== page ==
Upon reaching the top of the wall it was now time to finally test the rope/pulley system for my decent. Being a little ‘uncomfortable’ with heights, I had avoided glancing down until this point. Probably not a great idea, one look and I started to doubt my sanity, and felt a growing urgency to get back on to solid ground. Obviously, to achieve this there is only one way – you have to let go of the wall. I clung on for a few extra seconds as my brain tried to convince my fingers to release the hand grips on the wall. Reluctantly they let go and I dropped… about 6 inches and my decent almost stopped completely. My confidence in the rope system was restored and the next part was a lot of fun, as I abseiled down the wall, holding the rope and using my legs to bounce off the wall. To avoid embarrassment it’s best ot ready yourself for the landing. Many people who fail to adjust their body tilt at the end of the decent end up landing gently on their ass on the padded floor and rolling on their back.

It was quiet a thrill to be honest, and I was only on the floor a few seconds before heading back up to do it all again!

Multiple Wall Climbing Challenges

There are other wall climbing challenges that do not need any ropes. These are for lateral climbing, for practising moving horizontally along a wall, and boulder climbing. My fingers and forearms were pretty tired, but I had a go at the bouldering wall which has varying degrees of overhang. This has a massive thick padded mat below it, so if you do manage to climb to the top of the 15 – 20 ft height, your fall is not a concern. Even the easy part of this was deceptively difficult to climb, and the ‘easy part’ of the overhang was too much for me, and off I dropped flat on my back.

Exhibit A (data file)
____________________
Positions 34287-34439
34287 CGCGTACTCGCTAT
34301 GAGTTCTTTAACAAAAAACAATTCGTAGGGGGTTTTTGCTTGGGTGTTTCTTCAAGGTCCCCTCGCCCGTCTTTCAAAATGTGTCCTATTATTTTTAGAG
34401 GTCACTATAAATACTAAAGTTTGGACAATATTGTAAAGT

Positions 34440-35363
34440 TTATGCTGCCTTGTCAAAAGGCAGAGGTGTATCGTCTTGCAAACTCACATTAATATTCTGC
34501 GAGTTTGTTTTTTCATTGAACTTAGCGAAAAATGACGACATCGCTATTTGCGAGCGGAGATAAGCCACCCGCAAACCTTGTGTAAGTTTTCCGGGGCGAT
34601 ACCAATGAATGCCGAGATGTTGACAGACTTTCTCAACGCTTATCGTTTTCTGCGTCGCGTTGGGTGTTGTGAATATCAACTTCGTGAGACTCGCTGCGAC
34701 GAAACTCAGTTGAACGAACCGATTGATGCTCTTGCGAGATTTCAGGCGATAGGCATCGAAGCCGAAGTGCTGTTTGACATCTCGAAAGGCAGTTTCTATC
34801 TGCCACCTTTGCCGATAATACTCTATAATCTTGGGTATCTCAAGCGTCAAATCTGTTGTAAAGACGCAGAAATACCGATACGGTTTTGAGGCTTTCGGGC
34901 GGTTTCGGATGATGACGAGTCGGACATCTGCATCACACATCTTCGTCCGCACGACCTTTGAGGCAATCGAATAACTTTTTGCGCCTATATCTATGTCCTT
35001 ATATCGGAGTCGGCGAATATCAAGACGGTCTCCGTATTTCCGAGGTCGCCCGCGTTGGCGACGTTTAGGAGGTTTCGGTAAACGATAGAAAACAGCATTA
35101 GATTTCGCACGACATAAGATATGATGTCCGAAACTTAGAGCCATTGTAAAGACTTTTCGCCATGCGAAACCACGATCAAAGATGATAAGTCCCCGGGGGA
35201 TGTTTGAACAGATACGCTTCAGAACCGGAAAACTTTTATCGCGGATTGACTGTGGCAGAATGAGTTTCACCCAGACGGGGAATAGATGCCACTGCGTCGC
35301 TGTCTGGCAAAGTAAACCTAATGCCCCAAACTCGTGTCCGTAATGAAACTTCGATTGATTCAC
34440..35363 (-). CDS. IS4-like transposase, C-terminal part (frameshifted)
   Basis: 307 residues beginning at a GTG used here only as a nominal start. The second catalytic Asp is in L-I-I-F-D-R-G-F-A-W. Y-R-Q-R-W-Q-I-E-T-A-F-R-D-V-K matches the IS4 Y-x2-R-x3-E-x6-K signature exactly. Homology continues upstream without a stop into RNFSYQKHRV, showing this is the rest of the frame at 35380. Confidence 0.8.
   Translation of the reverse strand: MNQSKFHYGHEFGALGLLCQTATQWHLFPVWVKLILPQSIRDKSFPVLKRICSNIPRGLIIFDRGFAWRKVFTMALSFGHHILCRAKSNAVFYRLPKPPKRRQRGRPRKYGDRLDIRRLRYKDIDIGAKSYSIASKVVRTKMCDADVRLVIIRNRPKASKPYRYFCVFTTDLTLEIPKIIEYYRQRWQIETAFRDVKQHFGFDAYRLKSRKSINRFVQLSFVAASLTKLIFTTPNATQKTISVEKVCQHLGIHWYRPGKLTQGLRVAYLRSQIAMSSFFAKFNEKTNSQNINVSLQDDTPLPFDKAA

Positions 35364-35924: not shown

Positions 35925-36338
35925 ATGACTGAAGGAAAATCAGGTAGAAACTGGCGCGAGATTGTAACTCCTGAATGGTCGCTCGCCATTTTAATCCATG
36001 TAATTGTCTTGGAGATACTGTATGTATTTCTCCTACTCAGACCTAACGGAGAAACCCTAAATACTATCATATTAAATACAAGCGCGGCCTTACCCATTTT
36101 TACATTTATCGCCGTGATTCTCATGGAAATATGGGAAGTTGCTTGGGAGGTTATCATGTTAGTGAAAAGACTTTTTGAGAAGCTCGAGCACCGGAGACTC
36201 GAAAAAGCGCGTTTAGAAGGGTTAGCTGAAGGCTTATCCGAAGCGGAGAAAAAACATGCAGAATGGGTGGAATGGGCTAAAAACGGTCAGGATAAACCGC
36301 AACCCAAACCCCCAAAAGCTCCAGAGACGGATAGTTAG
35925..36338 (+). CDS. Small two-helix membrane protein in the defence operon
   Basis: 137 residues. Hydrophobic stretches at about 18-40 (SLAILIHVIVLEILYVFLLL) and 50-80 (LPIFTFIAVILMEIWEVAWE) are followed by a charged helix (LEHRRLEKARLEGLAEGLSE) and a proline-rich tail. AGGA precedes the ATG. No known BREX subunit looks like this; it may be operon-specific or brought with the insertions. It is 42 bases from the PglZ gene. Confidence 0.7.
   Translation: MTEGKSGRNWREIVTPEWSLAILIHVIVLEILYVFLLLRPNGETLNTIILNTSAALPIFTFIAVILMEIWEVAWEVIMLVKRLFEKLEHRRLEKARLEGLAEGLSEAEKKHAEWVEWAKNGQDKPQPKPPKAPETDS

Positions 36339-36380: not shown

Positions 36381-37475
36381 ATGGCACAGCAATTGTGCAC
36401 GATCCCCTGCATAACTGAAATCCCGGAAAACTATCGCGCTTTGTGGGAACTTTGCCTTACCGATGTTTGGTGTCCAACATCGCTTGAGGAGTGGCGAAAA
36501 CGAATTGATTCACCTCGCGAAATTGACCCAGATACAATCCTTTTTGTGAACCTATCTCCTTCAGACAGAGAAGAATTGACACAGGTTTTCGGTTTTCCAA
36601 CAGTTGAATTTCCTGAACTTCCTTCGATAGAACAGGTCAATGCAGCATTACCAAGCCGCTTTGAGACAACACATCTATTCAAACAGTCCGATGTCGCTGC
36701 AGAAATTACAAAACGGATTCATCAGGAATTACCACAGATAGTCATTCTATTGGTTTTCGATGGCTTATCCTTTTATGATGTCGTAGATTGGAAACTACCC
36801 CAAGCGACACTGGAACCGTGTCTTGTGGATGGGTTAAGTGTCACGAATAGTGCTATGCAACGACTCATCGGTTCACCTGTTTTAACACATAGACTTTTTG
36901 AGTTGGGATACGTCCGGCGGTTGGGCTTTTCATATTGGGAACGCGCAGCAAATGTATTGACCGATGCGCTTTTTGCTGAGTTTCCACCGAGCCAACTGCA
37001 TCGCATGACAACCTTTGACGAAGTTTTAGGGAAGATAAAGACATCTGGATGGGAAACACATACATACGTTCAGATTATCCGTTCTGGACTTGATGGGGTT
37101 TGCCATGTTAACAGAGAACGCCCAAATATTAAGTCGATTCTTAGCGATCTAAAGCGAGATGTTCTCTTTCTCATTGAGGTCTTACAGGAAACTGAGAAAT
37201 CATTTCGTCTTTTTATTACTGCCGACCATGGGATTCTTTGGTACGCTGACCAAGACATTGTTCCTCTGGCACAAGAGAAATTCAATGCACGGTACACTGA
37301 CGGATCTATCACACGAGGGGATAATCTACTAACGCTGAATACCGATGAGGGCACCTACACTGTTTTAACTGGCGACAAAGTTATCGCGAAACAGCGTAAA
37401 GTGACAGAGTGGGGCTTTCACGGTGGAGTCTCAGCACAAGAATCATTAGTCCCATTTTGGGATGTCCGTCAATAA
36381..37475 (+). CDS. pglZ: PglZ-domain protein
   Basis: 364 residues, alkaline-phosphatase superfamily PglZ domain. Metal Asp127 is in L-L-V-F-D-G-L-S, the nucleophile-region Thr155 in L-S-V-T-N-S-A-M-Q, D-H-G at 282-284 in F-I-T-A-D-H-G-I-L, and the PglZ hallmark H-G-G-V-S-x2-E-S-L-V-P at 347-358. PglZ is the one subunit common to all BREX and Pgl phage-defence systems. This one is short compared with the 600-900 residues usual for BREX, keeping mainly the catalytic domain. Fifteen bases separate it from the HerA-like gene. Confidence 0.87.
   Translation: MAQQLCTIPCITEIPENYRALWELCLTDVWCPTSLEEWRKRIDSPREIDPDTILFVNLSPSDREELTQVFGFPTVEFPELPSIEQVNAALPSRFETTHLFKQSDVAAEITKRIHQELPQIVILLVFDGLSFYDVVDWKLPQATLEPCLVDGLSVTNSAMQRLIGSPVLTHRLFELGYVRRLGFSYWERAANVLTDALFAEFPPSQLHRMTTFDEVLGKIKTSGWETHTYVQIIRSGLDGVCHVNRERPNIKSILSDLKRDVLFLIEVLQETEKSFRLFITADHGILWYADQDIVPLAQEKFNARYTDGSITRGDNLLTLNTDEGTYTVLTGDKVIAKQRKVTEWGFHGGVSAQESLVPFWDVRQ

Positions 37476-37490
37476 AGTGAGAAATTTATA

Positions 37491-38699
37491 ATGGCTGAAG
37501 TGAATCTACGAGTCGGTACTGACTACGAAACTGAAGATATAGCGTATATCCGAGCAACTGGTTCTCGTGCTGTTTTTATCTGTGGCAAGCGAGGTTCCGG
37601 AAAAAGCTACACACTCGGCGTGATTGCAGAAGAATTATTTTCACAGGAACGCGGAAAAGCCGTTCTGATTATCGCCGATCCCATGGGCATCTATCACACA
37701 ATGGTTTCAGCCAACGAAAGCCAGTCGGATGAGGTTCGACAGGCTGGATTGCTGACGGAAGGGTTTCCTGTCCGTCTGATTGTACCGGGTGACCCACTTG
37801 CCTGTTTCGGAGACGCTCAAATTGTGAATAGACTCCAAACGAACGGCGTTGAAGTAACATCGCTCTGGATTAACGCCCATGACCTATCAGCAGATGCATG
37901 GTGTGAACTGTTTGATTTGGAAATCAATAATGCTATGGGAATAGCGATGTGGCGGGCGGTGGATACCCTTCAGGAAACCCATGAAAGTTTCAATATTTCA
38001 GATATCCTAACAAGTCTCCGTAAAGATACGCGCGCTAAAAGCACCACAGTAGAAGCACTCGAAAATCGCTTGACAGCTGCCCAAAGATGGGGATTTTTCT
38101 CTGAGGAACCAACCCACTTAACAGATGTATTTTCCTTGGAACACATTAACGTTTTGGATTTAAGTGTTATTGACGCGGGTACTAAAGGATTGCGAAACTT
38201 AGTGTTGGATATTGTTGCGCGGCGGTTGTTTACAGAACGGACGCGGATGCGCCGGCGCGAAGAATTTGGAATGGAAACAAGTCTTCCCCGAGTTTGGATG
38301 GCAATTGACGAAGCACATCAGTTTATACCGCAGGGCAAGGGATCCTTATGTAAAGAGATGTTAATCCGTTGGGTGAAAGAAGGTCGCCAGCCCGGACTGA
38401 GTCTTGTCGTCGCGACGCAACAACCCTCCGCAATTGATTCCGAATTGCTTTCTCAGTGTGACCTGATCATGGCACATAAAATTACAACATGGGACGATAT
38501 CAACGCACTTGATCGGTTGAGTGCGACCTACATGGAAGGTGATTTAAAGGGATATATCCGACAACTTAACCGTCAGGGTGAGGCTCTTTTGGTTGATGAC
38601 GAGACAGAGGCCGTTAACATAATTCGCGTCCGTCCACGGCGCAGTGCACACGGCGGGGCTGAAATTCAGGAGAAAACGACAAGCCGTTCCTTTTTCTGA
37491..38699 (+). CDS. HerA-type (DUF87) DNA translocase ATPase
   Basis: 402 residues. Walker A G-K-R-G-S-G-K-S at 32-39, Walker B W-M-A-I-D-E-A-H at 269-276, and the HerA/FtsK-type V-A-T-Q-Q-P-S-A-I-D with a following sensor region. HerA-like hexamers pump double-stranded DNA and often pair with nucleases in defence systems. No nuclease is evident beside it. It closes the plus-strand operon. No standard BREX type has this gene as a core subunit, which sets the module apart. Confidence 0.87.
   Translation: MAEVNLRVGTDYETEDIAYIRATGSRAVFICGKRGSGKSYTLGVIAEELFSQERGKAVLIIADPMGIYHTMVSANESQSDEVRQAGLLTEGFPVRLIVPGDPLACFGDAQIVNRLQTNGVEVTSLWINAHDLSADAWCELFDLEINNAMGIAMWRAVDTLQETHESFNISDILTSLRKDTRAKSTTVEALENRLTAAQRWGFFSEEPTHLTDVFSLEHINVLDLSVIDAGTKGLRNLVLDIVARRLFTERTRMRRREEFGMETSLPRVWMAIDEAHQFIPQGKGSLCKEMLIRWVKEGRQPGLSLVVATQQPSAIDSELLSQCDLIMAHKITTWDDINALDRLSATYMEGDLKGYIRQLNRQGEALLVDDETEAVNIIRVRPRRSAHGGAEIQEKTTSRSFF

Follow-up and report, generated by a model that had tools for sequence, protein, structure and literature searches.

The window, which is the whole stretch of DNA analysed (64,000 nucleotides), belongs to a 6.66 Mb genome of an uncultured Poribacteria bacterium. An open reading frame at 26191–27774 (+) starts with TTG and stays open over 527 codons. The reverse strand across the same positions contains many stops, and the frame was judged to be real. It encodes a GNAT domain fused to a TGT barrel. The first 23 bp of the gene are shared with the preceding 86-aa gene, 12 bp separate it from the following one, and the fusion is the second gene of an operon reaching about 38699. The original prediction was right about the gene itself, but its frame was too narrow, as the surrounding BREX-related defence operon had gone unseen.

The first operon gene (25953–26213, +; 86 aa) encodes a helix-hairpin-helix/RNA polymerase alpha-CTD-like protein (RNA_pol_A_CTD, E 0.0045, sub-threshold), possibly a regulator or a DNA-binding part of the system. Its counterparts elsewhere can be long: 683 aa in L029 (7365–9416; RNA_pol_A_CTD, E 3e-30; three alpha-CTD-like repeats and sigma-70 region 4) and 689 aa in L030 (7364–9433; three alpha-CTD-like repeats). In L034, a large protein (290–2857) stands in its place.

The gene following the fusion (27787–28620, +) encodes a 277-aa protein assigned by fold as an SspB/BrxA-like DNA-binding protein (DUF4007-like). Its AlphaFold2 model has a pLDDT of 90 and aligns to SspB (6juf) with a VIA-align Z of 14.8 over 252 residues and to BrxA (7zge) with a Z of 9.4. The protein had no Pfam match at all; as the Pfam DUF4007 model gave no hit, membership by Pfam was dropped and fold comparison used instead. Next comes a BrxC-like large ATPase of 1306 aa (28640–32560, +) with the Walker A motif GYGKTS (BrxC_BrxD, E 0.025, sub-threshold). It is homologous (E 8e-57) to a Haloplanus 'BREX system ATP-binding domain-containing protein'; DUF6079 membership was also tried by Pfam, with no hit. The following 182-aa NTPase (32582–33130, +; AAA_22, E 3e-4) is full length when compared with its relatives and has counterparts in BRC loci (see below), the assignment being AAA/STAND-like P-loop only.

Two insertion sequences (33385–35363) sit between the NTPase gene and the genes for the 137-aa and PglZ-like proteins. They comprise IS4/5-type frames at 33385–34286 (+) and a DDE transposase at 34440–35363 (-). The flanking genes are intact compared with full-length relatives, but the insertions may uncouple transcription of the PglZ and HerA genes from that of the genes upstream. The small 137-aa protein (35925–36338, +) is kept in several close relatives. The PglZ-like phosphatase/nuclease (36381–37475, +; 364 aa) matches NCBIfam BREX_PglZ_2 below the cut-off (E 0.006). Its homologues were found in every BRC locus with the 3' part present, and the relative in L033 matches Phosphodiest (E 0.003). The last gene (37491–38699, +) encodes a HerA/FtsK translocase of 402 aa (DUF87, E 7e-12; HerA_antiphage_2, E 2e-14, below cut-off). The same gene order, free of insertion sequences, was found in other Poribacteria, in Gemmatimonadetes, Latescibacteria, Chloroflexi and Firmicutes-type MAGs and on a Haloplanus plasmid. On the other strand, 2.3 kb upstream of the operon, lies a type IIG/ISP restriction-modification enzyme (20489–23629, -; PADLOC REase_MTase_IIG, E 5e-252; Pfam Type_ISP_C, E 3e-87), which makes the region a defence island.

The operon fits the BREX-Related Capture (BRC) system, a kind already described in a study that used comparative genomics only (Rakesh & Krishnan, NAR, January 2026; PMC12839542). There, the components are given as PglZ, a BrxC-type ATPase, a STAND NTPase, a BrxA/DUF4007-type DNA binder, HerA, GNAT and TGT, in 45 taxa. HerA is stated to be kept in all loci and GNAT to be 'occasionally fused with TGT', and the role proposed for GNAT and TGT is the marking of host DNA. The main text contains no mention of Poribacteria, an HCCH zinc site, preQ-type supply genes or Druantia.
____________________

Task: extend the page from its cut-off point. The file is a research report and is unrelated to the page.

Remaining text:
Pause For Thought…

While lying there catching my breath, I thought it an opportune time to take stock of these indoor climbing wall facilities right in the heart of the Dingle Peninsula. If you enjoyed climbing as a child, you’ll enjoy it as an adult. The climbing wall is as challenging as you need it to be, with differing levels of difficulty for everyone’s physic. My little girls (four and six years old), both enjoy climbing here (they’re like little spiders!). For those who get into it as a sport, there are extremely difficult overhangs for the advanced climbers to keep you challenged. In fact, the facilities are used for international climbing competitions, so highly are they regarded abroad.

Play At Height DingleGreat For Families Too

This facility is also a big hit with families. There is a small padded play area to keep younger kids amused, and basic tea/coffee/snack facilities for moms and dads who just want to catch their breath for a few minutes. Kids love the climbing wall, and it’s a excellent form of exercise as it strengthens muscles, builds confidence and kids get a great sense of achievement from the challenges. For young climbers four years and over, there is a popular discounted kids club on every Thursday between 5 and 6pm.

Learn more about the Dingle climbing wall http://www.playatheight.com/joomla/index.php